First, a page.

I knew together we can – together we will.

Our ears stayed parked on the road to read the movement of the vehicles to start.
The dark gave way and dawn approached. The driver was already waiting. We moved and reached again to a queue in waiting .The vehicles had started parking outside the tunnel since 5.00. The tunnel opens only at 8.00, we came to know. This wait was bearable for us. We waited for the clock to strike 8:00. The sky was overcast. The valley still chilled.

The queue started moving and we entered the tunnel. In a few minutes we could see daylight across the tunnel. We crossed the tunnel.
A bright sun was spreading its warmth on the terrain outside. No overcast. No chill. Together we were, hands in hands, welcoming the new dawn.

Aditya Sinha

Tuesday, 10 March 2015

The Saviour

Radhika’s sixth sense warned - something was going to be wrong and she followed Tanu in a taxi to the party area, managing a seat in the corner and watching her gorgeous granddaughter ram the dance floor in her red mini and the white t-shirt hanging from her bare shoulder. With all eyes glued to her glowing bare skin, Jack took a chance, matching the steps and inching closer he pressed lips and thrust his hand in her t-shirt.

Tanu screamed, tried to get herself free, but could only add to the excitement and enjoyment of the party until Radhika’s slap stunned the bewildered youths.   

“I am sorry, I spoiled your party”, she said to Tanu, pulling her off from Jack and putting the shawl around her to cover the bare shoulder.

Crying hysterically, Tanu could only spell – “No Dadi” and she clung to Radhika, dumping herself in her celestial embrace.

This post is a part of Five Sentence Fiction Activity -- Spoiled at

Aditya Sinha

The second journey of my life

This post is written for

Sep 2002.

It was now two years that the world trade tower crash had taken place. The world had learnt to start afresh. Many software personals known to me had started settling again. But it was tough time for me here. For me the test of the hour was still there. The impact was not declining for us here in the B-class town as we were dependent for the placement of our software personnel with the help of these foreign partners.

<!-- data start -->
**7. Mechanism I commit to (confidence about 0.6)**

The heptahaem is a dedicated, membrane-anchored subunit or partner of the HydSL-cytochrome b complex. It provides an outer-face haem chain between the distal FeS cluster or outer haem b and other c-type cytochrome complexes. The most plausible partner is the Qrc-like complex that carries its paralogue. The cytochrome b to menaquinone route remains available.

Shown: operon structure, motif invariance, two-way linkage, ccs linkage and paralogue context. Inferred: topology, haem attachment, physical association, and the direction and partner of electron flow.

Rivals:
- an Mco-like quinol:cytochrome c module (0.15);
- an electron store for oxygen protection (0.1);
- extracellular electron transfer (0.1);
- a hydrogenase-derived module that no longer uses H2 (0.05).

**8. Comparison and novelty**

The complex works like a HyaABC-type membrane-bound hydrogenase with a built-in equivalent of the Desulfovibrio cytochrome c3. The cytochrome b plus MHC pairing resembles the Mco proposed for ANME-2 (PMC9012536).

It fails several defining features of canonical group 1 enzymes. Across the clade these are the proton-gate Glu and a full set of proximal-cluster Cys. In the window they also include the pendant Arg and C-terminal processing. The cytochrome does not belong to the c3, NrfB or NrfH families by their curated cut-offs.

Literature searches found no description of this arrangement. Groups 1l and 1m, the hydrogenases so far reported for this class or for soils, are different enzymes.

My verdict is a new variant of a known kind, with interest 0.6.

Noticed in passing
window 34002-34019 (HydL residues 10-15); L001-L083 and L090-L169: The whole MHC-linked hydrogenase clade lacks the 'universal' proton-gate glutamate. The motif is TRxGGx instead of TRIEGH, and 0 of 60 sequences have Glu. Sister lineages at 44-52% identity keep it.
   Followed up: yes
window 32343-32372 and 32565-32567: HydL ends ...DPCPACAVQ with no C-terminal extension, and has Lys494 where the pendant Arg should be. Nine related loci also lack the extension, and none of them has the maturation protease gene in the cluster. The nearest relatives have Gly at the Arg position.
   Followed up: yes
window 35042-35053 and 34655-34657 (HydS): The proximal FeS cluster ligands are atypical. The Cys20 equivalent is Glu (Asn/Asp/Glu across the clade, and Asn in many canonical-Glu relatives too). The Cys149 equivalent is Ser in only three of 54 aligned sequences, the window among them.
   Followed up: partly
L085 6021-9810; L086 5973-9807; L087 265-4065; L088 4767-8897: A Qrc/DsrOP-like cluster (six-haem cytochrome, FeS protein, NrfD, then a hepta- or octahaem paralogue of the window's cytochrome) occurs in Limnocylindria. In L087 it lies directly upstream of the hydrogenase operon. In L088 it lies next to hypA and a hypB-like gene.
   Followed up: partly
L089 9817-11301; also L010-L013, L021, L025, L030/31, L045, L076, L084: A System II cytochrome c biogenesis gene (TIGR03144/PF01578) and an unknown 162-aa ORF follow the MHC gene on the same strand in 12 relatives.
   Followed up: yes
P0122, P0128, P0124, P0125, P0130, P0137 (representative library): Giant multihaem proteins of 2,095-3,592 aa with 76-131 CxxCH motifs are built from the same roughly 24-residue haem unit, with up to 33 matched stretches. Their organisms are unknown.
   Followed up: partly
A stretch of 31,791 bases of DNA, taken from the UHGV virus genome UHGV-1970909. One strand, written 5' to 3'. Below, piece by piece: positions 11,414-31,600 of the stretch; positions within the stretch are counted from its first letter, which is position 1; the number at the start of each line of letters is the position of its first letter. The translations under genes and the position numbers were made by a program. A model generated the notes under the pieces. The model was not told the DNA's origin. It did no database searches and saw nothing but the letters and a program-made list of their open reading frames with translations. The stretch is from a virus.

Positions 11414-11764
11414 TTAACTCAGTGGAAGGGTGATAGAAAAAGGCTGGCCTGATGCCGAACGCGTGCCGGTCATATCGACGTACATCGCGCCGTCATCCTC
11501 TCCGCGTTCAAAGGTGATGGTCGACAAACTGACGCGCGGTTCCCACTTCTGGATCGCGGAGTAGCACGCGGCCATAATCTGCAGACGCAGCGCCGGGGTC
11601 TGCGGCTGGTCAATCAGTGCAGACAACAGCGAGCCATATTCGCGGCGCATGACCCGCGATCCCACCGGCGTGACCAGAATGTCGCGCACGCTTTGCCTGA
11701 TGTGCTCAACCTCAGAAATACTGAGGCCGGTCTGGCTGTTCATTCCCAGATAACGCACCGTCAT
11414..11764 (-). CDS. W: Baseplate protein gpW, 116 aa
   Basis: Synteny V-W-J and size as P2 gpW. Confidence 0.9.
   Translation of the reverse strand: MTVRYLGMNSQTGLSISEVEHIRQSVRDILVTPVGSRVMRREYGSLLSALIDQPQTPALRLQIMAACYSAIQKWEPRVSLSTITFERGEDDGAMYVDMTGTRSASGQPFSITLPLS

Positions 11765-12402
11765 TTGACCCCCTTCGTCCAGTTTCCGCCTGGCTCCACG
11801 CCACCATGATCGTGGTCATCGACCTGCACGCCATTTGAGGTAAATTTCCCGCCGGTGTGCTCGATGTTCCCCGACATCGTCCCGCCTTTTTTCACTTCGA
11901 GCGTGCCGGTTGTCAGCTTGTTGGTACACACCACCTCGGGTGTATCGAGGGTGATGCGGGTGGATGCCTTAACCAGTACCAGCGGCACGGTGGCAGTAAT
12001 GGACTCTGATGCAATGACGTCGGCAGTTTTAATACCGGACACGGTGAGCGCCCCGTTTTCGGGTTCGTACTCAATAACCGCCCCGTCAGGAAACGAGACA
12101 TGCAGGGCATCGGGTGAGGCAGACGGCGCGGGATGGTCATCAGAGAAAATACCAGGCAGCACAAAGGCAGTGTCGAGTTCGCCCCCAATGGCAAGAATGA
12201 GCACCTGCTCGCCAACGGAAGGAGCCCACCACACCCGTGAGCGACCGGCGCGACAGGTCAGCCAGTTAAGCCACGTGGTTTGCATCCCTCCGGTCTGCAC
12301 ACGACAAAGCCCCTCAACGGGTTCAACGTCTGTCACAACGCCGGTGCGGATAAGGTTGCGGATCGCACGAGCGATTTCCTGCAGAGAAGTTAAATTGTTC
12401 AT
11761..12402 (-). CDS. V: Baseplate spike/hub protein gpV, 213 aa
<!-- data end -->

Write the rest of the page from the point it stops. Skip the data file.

I had quit my sales job in Delhi and started the franchisee of Inset ecommerce Institute (part of IIHT) here at Patna in 2000. Both of us, my wife and me, had toiled day and night, bringing all our know-how and experience from the metros, and inculcating everything utmost to train our students suit best for the industry. The institute was also ranked best among the three franchisees in Patna with over 250 full time students. But now they were to pass out. And there was no job for them. We were managing jobs of the tune of 10-12 k in the call centres for some of them. But placing all was really a tough task. The parent company IIHT which had assured a placement was giving no response.

The rowdy students got a chance to create scene. There were around 40-50 students from Ara – Buxar, known for the criminal activities. They started doing daily nuisance, even started demanding return of fees.

The daily mayhem at the centre started affecting the family peace. Parents started worrying. The environment became unsafe. We needed to take decision. And the decision was we needed to close this. May be return fees to some of the rowdy ones and keep them shut. And we did – first removing the rowdy / political ones returning the fees.

By December we managed to bring back peace at the institute by settling with some of these student leaders. But there was now no peace in our mind. By March the institute would be fully closed. With the limited resource that we had it would not be possible to sustain for another two – three years till the market became favourable. So I have to look for job again and start a fresh. I handed the institute to my wife and moved to Delhi again.

With help of some well-wishers I submitted my CV at Amar Ujala – the leading Hindi daily of UP. It was not easy to get break with a failed entrepreneur tag in behind.

I still remember the then GM had very reluctantly asked – “You are an entrepreneur and give directions. How would you work as a sales person asking for ads?”

And I had replied – “Being an entrepreneur – I have experienced the buyers psychology as an advertiser, when I placed my institutes ad in local dailies. Thus it would add to my experience as a sales person and help me in my carrier.”

After a week I was confirmed of getting the job. I was to report at Lucknow.
It was a much needed break for me. I was committed to start a fresh. I promised myself – this is not a job – it’s the career break for me. And I had vowed – come what may, I’ll stick to this for a minimum of five years. My CV now needed stability.